Tales of a Ladybeard: Stina O’Grady

West Coaster
April, 2019
By Beth Demmon

I’VE never worked in a brewhouse, but I know a little bit about what it takes to work in one. (Clean, pour some grain, clean, open a valve, clean, stir the mash, clean, and so on.)

But before I spoke to Stina O’Grady — I’d call her Christina, but no one else seems to — I had absolutely no idea what her title of Draught System Tech at Burning Beard Brewing meant. Turns out, it means she’s kind of a wizard.

There are a million things that can screw up a perfectly good beer between keg and glass. Mineral buildup, mold, weird yeast… it seriously might be an actual million. Her job is to make sure every single one of those potential disasters doesn’t happen.

“[My job] is basically making sure that the draft system is working optimally: that it’s balanced, it’s clean, it’s pouring beer properly, all the beer tastes how it’s supposed to taste,” explains O’Grady. “Every two weeks I come in and clean the lines, then the alternate week when I’m not cleaning lines, I take apart all the faucets and clean those and make sure everything is functioning properly.”

It’s a seriously underrated position, without the fame of a brewer or pizzazz of a beertender. But she doesn’t mind the back-of-house lifestyle.

“I never had any idea that I’d be interested in draught systems until I took Michael Peacock’s class at SDSU. I’ve been leaning towards doing more things like that.”

At a brewery Burning Beard’s size, escaping the front-of-house entirely is pretty much impossible. O’Grady also works as a beertender and maintains the keg, glassware, and merch inventories. But the often meticulous nature of keeping the sacred draught system in perfect order appeals to her technical sensibilities. After all, she worked for nearly a decade as a medical researcher before making the move into craft beer three and a half years ago.

“Originally, I was going to try to see if there was some way to take the science and put it towards beer,” she explains as she sips a Normcore pilsner. She stumbled upon the Business of Craft Beer program at SDSU and thought “that would be cool, but how would I apply any of this to any of that?”

She didn’t figure it out. But she enrolled anyway and her passion for craft beer ignited.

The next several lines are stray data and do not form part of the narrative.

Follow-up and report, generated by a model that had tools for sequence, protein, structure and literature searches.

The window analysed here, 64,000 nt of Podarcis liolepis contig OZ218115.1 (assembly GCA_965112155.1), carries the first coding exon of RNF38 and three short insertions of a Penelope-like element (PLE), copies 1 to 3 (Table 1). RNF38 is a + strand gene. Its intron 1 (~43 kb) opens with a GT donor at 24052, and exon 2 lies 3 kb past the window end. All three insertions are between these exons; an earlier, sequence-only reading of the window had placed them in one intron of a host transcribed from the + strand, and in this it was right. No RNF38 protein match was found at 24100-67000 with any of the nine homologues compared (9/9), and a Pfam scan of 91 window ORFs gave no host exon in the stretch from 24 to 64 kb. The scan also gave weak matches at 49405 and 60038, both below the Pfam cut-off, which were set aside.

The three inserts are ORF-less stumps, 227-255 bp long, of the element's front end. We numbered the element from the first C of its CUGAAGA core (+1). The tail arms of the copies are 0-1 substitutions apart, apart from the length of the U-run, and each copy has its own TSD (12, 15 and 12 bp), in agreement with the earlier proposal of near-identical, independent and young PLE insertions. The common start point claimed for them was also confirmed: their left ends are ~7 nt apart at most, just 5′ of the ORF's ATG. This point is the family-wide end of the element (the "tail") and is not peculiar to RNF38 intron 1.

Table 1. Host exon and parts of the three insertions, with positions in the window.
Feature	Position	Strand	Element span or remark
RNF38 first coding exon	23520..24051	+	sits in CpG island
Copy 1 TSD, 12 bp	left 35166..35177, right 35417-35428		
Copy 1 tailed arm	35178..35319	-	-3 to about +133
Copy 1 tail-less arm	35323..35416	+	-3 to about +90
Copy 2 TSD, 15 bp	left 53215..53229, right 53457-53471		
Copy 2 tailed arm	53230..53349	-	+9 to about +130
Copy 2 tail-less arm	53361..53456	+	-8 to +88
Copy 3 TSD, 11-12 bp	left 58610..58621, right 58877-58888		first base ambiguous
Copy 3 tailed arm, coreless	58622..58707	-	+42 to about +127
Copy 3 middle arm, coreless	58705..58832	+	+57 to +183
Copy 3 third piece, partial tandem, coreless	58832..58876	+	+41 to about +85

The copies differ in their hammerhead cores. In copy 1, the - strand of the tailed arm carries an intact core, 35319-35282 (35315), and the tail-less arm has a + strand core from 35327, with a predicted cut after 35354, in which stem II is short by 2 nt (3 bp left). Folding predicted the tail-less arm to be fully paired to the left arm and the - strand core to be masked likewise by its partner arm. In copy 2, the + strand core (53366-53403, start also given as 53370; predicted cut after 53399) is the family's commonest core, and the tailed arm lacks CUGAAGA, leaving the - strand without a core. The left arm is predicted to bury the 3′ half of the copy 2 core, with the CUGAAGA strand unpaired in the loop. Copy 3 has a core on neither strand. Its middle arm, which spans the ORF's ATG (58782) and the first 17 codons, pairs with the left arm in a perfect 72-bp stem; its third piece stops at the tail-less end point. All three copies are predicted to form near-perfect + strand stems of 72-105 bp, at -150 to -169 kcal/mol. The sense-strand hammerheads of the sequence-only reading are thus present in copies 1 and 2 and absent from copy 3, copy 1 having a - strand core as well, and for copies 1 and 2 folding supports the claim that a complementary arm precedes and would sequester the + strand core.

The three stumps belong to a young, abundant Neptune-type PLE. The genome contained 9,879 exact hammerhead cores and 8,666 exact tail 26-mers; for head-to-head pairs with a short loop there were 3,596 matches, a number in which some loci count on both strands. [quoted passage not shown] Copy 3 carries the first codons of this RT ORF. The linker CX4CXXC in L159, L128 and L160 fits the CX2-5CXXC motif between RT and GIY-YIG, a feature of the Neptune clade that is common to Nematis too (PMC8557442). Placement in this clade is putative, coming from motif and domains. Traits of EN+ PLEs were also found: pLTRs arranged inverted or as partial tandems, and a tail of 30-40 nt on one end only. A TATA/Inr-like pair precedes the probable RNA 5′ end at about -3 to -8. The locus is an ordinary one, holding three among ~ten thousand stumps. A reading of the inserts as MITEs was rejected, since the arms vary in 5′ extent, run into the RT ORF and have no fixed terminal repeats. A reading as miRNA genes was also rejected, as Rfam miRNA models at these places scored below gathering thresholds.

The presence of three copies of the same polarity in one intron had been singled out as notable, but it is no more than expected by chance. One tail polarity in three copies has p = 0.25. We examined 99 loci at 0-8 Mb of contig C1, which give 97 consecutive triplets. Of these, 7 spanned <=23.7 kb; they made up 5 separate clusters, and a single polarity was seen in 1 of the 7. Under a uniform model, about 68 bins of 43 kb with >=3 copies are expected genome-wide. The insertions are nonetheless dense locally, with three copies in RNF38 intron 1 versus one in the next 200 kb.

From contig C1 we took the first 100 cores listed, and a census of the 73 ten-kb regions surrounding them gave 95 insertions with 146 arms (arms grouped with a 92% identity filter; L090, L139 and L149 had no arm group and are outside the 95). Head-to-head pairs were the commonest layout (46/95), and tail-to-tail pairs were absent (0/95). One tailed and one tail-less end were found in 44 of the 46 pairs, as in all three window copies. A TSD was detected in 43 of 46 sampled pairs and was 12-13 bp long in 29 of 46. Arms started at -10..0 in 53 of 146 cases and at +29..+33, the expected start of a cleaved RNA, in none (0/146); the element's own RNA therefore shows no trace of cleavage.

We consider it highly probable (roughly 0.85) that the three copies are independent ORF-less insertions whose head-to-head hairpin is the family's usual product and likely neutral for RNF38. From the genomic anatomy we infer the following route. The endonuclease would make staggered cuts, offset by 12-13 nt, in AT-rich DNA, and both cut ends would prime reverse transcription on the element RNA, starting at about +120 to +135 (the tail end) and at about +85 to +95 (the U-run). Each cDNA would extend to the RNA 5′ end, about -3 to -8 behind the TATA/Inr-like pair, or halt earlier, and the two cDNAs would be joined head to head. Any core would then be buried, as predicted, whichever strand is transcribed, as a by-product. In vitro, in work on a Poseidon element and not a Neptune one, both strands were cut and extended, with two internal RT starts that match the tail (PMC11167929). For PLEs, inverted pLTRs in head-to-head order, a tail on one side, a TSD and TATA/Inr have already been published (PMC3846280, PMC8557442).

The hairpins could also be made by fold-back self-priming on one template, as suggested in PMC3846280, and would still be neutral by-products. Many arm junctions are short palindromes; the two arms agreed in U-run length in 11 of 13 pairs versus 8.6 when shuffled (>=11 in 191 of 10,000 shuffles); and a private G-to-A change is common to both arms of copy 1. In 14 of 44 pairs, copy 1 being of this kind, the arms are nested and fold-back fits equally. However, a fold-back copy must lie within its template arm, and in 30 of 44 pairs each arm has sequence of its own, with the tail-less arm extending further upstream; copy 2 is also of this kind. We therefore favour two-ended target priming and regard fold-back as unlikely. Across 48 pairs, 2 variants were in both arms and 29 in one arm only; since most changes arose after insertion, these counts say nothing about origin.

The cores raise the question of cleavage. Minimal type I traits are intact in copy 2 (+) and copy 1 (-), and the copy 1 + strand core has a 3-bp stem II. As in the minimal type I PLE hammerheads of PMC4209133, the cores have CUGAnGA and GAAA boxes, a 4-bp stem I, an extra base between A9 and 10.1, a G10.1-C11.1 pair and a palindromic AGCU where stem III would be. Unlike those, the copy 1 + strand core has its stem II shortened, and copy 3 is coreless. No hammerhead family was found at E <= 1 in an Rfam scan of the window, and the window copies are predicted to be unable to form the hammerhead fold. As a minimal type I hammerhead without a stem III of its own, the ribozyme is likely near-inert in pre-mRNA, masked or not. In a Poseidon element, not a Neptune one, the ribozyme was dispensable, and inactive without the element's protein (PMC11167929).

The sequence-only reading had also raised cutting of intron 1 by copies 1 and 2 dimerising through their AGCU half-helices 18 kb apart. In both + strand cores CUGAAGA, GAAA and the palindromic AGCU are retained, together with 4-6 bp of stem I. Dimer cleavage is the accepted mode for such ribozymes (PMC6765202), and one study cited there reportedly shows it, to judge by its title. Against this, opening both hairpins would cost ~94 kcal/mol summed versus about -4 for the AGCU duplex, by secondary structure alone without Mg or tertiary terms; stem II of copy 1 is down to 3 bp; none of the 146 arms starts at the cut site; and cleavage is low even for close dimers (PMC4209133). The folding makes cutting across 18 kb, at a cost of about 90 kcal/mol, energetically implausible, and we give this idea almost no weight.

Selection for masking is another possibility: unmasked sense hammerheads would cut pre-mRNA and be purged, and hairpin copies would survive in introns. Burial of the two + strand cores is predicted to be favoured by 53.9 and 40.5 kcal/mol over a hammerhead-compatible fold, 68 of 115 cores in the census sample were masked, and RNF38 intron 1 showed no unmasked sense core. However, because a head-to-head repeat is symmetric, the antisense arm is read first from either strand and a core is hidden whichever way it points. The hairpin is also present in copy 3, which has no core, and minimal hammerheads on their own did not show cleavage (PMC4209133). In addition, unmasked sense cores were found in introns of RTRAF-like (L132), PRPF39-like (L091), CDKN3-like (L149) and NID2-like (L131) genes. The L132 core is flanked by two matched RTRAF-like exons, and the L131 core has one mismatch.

“I didn’t really know what I was getting into,” she laughs. “I didn’t know a lot about craft beer. I just drank Guinness and Newcastle all the time.”

Her first gig in San Diego beer was as a beertender at Intergalactic Brewing Company. It was there where she first got a taste of draught system maintenance, ultimately becoming the tasting room manager. But after two years, rumors of Intergalactic’s demise got a little more real, and O’Grady pulled what she calls her “Hail Mary” by cold-sending her resume to Shannon Lynette, Burning Beard’s tasting room manager.

“A month and a half later I got a phone call from her saying, ‘hey, do you still want to work here?’”

Since then, she’s enjoyed what she describes as “more focus on beer education” in the craft beer industry.

“There are more and more Cicerones, more and more BJCP judges and I think that’s super rad. The more educated you are, obviously the better at your job you are and then the more educated the customers become, because you can impart that education onto them.”

Burning Beard is specifically known for emphasizing customer education, an initiative spearheaded by Lynette. O’Grady lists her as one of her role models in the industry, along with people like SDSU instructors Michael Peacock, George Thornton, and Jake Nunes.

But even with a support system like that, she’s (rightfully) a little nervous about the future.

“It’s been kind of scary lately because of the recent closures that came out of seemingly nowhere. I just hope that neighborhood breweries like this one are able to continue to thrive and bring in locals,” citing the increased priority of geographic proximity for craft beer consumers.

But overall, O’Grady’s pretty confident in the future of #SDbeer. “I feel as long as the industry remains as collaborative and friendly as it has been — which is the main reason I wanted to get into it in the first place — we’ll be okay.”

Check out the original article here: https://issuu.com/awodigitaledition/docs/west_coaster_april_2019/38